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People are giving a lot of credence to the "pro-Russian" line when it comes to describing Crimea and many of Ukraine's eastern provinces.

 

How reliable do we think that information is?

 

Given the choice between living under the haplessly corrupt regime in Kiev or the ruthlessly corrupt regime in Moscow, I'm not convinced that everyone who speaks Russian as their native language would want to be part of Russia itself.  I get that Russian nationalism is a pretty potent cultural force, though.

 

I was thinking the other day that an independent nation of Crimea might be a solution, but I doubt Putin settles for that. 

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People are giving a lot of credence to the "pro-Russian" line when it comes to describing Crimea and many of Ukraine's eastern provinces.

 

How reliable do we think that information is?

 

Given the choice between living under the haplessly corrupt regime in Kiev or the ruthlessly corrupt regime in Moscow, I'm not convinced that everyone who speaks Russian as their native language would want to be part of Russia itself.  I get that Russian nationalism is a pretty potent cultural force, though.

 

I was thinking the other day that an independent nation of Crimea might be a solution, but I doubt Putin settles for that. 

 

As I understand it (from reading the ever-infallible American media and not knowing anything about the constitution [if any] or laws of Ukraine), Crimea was already given a substantial amount of autonomy within Ukraine.  Moving it from autonomous to independent might not actually be shifting the reality all that much.

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The breakup of the Soviet Union was very chaotic and corrupt.

 

This is a completely irrelevant aside, but has anyone else ever noticed how Bill Clinton and Al Gore get about ZERO credit for helping shepherd the world through the disintegration of the Soviet Union?  It was one of their top foreign policy objectives - Gore negotiated a lot of the nuclear dismantling, in Ukraine and Kazakhstan especially, his first foreign visit in 1993 was to Poland, the Gore-Chernomyrdin Commission helping establish closer ties with Moscow, etc., etc...it did not have to go that (relatively) smoothly - the horrors unleashed in the Balkans could easily have been worse, and spread across a host of former Soviet republics and satellites.  And it wasn't all Clinton/Gore's doing.  But still, I never see them get credit for the part they played in an amazingly dangerous, unstable time...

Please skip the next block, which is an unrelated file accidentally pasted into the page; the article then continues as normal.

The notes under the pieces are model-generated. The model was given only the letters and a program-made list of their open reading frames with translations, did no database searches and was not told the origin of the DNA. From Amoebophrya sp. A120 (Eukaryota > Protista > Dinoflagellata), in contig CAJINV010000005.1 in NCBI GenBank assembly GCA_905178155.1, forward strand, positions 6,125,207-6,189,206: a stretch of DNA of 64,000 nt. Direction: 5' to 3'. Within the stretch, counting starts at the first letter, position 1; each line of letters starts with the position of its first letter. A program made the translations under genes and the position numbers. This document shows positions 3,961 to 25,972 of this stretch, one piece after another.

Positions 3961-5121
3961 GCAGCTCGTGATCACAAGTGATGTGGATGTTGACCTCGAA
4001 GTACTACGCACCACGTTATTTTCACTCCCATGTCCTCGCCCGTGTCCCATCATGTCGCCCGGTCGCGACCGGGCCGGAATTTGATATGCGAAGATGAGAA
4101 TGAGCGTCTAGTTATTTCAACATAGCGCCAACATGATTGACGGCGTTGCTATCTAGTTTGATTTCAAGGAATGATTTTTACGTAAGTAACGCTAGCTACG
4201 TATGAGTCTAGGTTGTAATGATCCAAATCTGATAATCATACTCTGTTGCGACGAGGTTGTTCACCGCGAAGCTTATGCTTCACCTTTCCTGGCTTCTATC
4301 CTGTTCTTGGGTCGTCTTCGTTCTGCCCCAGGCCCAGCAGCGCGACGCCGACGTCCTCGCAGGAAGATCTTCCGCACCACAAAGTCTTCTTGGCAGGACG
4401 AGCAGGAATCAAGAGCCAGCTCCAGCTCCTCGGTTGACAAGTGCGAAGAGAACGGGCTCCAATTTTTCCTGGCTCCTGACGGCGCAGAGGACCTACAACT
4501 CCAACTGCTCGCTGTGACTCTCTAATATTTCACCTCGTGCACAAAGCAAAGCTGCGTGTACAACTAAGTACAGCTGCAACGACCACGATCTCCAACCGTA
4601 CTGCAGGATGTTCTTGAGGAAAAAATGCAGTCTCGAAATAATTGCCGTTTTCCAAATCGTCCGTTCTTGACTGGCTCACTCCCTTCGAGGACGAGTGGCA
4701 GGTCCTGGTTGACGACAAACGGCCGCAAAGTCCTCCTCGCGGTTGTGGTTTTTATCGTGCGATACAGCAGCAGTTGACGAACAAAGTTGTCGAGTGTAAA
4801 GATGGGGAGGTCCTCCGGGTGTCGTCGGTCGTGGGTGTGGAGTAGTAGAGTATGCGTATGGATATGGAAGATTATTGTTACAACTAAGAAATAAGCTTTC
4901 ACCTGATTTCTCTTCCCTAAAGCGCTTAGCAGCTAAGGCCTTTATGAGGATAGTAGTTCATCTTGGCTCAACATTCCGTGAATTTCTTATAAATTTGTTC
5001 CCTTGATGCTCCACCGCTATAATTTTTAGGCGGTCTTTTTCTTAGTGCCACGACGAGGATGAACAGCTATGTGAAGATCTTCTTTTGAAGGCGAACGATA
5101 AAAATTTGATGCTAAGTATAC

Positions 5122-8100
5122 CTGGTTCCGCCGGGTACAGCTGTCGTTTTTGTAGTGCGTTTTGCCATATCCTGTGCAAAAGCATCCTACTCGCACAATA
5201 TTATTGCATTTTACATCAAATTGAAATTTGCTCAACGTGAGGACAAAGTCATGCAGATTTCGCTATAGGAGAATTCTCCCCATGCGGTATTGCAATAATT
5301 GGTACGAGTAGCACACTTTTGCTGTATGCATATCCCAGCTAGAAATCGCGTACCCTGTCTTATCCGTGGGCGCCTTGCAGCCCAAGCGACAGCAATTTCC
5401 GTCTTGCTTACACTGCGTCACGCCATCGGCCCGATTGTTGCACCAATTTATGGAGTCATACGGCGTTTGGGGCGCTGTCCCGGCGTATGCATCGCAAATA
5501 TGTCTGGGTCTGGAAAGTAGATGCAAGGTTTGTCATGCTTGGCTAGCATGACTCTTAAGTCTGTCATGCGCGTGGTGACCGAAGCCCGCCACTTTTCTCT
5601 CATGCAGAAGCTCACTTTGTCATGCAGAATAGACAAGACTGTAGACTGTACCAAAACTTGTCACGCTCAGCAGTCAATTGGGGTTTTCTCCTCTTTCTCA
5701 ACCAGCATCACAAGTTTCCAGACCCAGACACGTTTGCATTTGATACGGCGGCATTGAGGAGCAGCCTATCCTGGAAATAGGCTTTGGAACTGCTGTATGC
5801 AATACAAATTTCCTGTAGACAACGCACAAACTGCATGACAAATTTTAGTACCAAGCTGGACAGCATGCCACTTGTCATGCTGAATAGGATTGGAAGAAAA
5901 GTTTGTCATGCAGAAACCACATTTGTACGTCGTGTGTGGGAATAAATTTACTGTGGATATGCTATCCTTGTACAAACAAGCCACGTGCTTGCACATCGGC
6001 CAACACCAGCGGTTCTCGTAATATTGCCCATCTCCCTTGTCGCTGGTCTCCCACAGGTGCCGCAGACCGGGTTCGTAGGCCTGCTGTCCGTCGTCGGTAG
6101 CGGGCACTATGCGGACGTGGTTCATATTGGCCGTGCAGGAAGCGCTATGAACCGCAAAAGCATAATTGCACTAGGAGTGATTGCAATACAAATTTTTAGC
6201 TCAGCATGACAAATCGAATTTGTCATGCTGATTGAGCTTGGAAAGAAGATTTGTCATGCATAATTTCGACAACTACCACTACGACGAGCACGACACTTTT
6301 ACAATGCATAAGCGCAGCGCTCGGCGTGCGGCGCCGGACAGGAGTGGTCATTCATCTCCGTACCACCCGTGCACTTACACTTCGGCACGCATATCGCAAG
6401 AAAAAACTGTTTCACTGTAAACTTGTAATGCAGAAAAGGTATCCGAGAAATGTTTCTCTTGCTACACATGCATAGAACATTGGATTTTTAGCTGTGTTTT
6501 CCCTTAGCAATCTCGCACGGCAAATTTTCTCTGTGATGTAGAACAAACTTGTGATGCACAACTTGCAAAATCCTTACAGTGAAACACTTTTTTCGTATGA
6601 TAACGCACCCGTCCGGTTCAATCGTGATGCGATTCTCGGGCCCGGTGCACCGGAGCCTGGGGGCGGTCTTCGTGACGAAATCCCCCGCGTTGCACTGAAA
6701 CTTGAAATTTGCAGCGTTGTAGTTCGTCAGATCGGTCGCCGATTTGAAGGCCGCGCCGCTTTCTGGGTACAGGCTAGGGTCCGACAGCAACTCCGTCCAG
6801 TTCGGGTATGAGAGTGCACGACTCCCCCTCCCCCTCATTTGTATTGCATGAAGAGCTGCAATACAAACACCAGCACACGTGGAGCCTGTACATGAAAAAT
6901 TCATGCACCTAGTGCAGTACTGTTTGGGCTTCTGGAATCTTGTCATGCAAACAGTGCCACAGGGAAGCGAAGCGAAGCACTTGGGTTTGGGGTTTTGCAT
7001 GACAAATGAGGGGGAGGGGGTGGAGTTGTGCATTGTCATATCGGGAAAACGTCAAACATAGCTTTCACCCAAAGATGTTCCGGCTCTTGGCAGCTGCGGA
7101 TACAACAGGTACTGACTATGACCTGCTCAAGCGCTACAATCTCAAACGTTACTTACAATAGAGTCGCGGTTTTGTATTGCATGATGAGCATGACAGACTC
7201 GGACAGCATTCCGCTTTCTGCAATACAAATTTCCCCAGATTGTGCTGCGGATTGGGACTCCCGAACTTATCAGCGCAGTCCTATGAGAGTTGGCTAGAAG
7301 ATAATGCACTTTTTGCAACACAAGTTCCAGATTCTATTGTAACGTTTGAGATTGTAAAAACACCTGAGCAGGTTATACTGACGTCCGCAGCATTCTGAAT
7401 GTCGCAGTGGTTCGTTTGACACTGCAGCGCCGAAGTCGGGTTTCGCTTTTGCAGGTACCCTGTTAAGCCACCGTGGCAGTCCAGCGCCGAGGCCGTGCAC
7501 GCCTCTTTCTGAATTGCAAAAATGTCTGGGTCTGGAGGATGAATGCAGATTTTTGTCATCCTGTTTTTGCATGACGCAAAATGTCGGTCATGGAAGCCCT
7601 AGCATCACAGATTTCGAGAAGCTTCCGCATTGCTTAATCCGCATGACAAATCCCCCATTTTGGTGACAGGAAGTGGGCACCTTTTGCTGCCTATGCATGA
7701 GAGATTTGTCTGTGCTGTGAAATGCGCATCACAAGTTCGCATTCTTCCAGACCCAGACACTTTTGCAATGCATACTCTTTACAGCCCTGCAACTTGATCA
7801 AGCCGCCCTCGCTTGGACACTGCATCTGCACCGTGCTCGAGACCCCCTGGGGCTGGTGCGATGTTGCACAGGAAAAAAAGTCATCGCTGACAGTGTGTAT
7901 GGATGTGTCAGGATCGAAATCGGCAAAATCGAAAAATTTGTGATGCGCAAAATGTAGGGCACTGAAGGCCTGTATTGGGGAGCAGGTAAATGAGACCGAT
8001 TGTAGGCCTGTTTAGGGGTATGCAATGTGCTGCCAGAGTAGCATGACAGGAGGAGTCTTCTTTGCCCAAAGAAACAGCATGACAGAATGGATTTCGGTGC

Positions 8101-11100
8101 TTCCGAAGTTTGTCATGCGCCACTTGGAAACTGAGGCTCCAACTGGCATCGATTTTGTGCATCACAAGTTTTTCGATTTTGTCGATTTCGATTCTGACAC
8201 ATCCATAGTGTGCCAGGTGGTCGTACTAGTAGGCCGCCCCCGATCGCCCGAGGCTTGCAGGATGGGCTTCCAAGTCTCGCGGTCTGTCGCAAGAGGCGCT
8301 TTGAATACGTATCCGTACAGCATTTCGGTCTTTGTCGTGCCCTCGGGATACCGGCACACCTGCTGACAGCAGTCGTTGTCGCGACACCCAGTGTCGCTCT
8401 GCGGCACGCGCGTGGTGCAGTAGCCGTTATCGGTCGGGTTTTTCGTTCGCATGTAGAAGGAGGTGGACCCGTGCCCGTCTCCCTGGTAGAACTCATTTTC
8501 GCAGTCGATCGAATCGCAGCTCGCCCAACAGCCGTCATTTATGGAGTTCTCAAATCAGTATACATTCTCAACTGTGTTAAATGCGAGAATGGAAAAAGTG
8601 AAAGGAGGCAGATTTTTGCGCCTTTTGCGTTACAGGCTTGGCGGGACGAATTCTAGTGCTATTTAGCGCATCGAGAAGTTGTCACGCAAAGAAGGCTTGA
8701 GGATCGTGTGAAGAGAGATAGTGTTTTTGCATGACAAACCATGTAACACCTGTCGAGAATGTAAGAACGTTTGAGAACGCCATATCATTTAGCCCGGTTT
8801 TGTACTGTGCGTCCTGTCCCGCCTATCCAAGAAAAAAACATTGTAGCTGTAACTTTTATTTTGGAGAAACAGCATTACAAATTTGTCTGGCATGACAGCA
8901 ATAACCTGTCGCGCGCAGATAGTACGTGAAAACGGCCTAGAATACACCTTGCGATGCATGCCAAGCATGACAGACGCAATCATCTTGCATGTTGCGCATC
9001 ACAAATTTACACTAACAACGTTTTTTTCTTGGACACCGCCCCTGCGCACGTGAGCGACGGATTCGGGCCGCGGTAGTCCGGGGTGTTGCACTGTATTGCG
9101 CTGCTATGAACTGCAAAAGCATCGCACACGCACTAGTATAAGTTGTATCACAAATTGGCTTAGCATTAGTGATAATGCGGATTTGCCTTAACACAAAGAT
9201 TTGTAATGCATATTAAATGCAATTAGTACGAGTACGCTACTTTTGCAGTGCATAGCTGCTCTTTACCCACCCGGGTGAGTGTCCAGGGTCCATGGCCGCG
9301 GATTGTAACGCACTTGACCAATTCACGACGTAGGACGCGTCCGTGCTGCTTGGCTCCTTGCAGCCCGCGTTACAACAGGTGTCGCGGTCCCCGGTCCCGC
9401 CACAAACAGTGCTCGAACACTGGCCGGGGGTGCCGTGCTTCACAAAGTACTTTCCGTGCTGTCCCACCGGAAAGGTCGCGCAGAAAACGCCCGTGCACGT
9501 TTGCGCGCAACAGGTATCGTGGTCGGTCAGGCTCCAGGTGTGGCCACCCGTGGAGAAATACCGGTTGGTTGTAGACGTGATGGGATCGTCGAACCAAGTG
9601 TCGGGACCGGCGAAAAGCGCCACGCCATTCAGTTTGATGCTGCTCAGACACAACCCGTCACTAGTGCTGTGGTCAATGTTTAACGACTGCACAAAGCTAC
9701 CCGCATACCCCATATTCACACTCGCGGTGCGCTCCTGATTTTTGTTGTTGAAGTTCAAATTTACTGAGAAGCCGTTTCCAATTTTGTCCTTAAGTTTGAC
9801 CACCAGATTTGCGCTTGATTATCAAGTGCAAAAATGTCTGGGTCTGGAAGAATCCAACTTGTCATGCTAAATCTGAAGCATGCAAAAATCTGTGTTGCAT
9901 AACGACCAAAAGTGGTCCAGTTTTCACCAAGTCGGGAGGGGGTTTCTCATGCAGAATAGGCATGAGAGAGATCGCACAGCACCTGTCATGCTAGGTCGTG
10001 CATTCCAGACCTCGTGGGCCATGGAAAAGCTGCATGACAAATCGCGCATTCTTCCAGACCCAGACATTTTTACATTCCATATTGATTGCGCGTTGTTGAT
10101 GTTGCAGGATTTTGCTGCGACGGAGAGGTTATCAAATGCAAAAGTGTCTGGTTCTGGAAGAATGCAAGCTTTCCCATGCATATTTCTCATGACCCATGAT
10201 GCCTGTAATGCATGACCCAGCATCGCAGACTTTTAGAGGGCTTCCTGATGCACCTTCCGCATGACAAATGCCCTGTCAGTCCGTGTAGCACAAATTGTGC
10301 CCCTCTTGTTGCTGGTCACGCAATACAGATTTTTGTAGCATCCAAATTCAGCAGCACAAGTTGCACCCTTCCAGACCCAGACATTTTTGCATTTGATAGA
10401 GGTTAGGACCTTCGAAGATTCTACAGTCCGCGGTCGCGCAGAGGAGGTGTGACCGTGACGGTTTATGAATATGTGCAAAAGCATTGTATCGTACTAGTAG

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The breakup of the Soviet Union was very chaotic and corrupt.

 

This is a completely irrelevant aside, but has anyone else ever noticed how Bill Clinton and Al Gore get about ZERO credit for helping shepherd the world through the disintegration of the Soviet Union?  It was one of their top foreign policy objectives - Gore negotiated a lot of the nuclear dismantling, in Ukraine and Kazakhstan especially, his first foreign visit in 1993 was to Poland, the Gore-Chernomyrdin Commission helping establish closer ties with Moscow, etc., etc...it did not have to go that (relatively) smoothly - the horrors unleashed in the Balkans could easily have been worse, and spread across a host of former Soviet republics and satellites.  And it wasn't all Clinton/Gore's doing.  But still, I never see them get credit for the part they played in an amazingly dangerous, unstable time...

 

Probably because a lot more of it was Yeltsin's doing and he, more justifiably than was the case with Gorbachev, got the bulk of the media credit.  The Poles also get a lot of the credit, much more than they got publicly.  They did a lot of the groundwork with the newly independent states.

 

Some was also what had just happened to Iraq and the wake up call this gave to same newly independent nations.  This resulted in a lot of microcorruption rather than macro-chaos.

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"Most of us have been conditioned to regard military combat as exciting and glamorous -- an opportunity for men to prove their competence and courage. Since armies are legal, we feel that war is acceptable; in general, nobody feels that that war is criminal or that accepting it is a criminal attitude. In fact, we have been brainwashed. War is neither glamorous nor attractive. It is monstrous. Its very nature is one of tragedy and suffering" --Dalai Lama

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US warship given permission to traverse Bosphorus en route to Black Sea

 

http://t.co/mJ62OZBVIY

 

If Russia swallows Ukraine, European system is finished, writes Timothy Snyder. Can its values be defended? http://t.co/WiTacQtnnG

 

Breaking: Hagels tells Congress: "this morning the Defense Dept. is pursuing measures to support our allies" #Ukraine http://t.co/ZWuj6par22


"Most of us have been conditioned to regard military combat as exciting and glamorous -- an opportunity for men to prove their competence and courage. Since armies are legal, we feel that war is acceptable; in general, nobody feels that that war is criminal or that accepting it is a criminal attitude. In fact, we have been brainwashed. War is neither glamorous nor attractive. It is monstrous. Its very nature is one of tragedy and suffering" --Dalai Lama